Seeing that the value of the cross completely changes depending on whether we view it with eyes of self-interest (like the world who couldn’t make sense of it) versus “others-interest” (like God who loved an unlovable world, see John 3:16; Rom. 5:8; etc.), we may now better appreciate the gravity of God’s love articulated in 1 Cor. 13–a love that, “is not self-seeking,” (1 Cor. 13:5). In fact, we might see how this concept of, “others-interested-love,” is woven throughout 1 Corinthians (for instance, at 1 Cor. 8-10, where they are told to live sacrificially for the sake of others’ consciences, or 1 Cor. 11, where they are chided for selfishly eating without waiting for others, etc.), all framed around, “Christ and him crucified,” (1 Cor. 2:2).
So, to help meditate on the aspects of God’s love in its proper context, I’ve found D. A. Carson’s, Showing the Spirit: A Theological Exposition of 1 Corinthians 12-14, to be eye-opening and convicting. Since it is a bit academic, I am recounting the pertinent section on 1 Cor. 13 (from chapter 2) in my own (simplified and modified) language. The rest of this post comes from
D.A. Carson on 1 Cor. 13 Love (pp. 51-66) – Simplified & Modified by Brian Holda
1 Corinthians 13 is between 12 and 14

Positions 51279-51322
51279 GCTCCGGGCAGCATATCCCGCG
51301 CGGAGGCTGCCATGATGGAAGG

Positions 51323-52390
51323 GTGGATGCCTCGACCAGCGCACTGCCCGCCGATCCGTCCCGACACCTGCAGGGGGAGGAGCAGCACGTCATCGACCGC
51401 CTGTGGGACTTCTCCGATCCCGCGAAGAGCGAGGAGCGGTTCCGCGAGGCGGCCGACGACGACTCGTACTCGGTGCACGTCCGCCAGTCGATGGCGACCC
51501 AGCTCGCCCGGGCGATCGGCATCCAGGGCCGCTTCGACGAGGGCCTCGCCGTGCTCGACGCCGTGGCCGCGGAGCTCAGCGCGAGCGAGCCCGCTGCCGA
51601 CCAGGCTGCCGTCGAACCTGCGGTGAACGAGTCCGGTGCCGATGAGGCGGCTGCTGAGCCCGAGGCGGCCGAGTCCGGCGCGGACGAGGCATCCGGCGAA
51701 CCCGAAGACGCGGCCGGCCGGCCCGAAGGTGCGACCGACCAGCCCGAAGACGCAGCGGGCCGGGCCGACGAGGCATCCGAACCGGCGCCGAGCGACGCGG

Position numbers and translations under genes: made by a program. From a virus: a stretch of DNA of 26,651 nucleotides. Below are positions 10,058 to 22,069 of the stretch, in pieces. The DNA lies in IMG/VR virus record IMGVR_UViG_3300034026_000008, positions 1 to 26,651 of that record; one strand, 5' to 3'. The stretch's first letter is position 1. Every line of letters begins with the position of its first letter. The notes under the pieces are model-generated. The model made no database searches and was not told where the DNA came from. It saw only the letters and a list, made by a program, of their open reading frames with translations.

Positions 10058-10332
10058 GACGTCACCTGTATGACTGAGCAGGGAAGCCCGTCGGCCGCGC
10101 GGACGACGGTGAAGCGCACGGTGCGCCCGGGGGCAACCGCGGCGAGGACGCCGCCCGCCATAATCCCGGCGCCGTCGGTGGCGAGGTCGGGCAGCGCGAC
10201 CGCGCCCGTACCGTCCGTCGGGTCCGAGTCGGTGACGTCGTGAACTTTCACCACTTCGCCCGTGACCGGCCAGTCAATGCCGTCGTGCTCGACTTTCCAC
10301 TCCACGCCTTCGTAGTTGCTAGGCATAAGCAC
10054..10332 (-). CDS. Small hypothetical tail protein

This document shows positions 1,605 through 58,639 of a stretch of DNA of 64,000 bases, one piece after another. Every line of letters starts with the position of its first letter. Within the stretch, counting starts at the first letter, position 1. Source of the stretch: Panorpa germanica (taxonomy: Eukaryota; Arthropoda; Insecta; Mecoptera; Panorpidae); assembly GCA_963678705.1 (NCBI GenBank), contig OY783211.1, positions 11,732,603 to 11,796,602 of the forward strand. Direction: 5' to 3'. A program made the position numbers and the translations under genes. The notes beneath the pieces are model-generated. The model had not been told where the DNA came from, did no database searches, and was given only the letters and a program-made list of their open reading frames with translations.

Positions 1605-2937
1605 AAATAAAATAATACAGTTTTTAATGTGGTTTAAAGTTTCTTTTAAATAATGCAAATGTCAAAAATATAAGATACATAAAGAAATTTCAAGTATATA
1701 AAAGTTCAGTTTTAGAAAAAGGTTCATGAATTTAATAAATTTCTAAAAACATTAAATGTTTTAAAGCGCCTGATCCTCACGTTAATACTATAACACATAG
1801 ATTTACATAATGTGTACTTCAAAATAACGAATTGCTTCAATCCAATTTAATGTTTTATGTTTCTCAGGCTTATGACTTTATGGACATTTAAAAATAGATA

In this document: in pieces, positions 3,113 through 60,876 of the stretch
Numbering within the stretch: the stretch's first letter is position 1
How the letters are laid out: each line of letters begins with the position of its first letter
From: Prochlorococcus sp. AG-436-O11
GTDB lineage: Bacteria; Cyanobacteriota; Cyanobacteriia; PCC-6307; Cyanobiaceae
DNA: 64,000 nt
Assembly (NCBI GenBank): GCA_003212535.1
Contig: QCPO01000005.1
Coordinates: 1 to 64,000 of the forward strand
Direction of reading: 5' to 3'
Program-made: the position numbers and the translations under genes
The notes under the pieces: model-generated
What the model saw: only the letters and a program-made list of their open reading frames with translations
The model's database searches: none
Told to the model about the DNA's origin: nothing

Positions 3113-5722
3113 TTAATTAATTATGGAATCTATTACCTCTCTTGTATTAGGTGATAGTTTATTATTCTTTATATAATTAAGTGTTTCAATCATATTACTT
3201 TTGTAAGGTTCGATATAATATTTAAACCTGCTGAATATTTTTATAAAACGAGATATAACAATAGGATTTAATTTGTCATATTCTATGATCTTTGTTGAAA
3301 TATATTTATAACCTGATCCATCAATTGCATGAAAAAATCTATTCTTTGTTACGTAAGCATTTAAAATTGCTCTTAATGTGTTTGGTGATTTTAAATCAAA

1 Cor. 13 is a masterpiece even when read on its own. However, 1 Cor. 13 is an integral part of Paul’s argument in 1 Cor. 12-14, and thus we should read this chapter with the backdrop of 1 Cor. 12 and 14.
1 Cor. 12 closes with Paul writing: “Do all possess gifts of healing? Do all speak with tongues? Do all interpret? But earnestly desire the higher gifts. And I will show you a still more excellent way,” (vv. 30-31).
In other words, Paul is saying that not all prophesy, speak in tongues, etc., but you must earnestly desire the greater gifts. He hasn’t explained what those greater gifts are yet (that will be fleshed out more in 1 Cor. 14). But before taking up that point, he sees that the Corinthians think very highly of themselves, and their spiritual gifts are almost a badge of honor to them. So he must point out that the supreme fruit of the Spirit, love, could get left aside if he only addresses what the “greater spiritual gifts” are.
The More Excellent Way…Of Love
Thus, after commanding them to, “earnestly desire the higher gifts,” (1 Cor. 12:31a), he adds, “And I will show you a still more excellent way,” (1 Cor. 12:31b).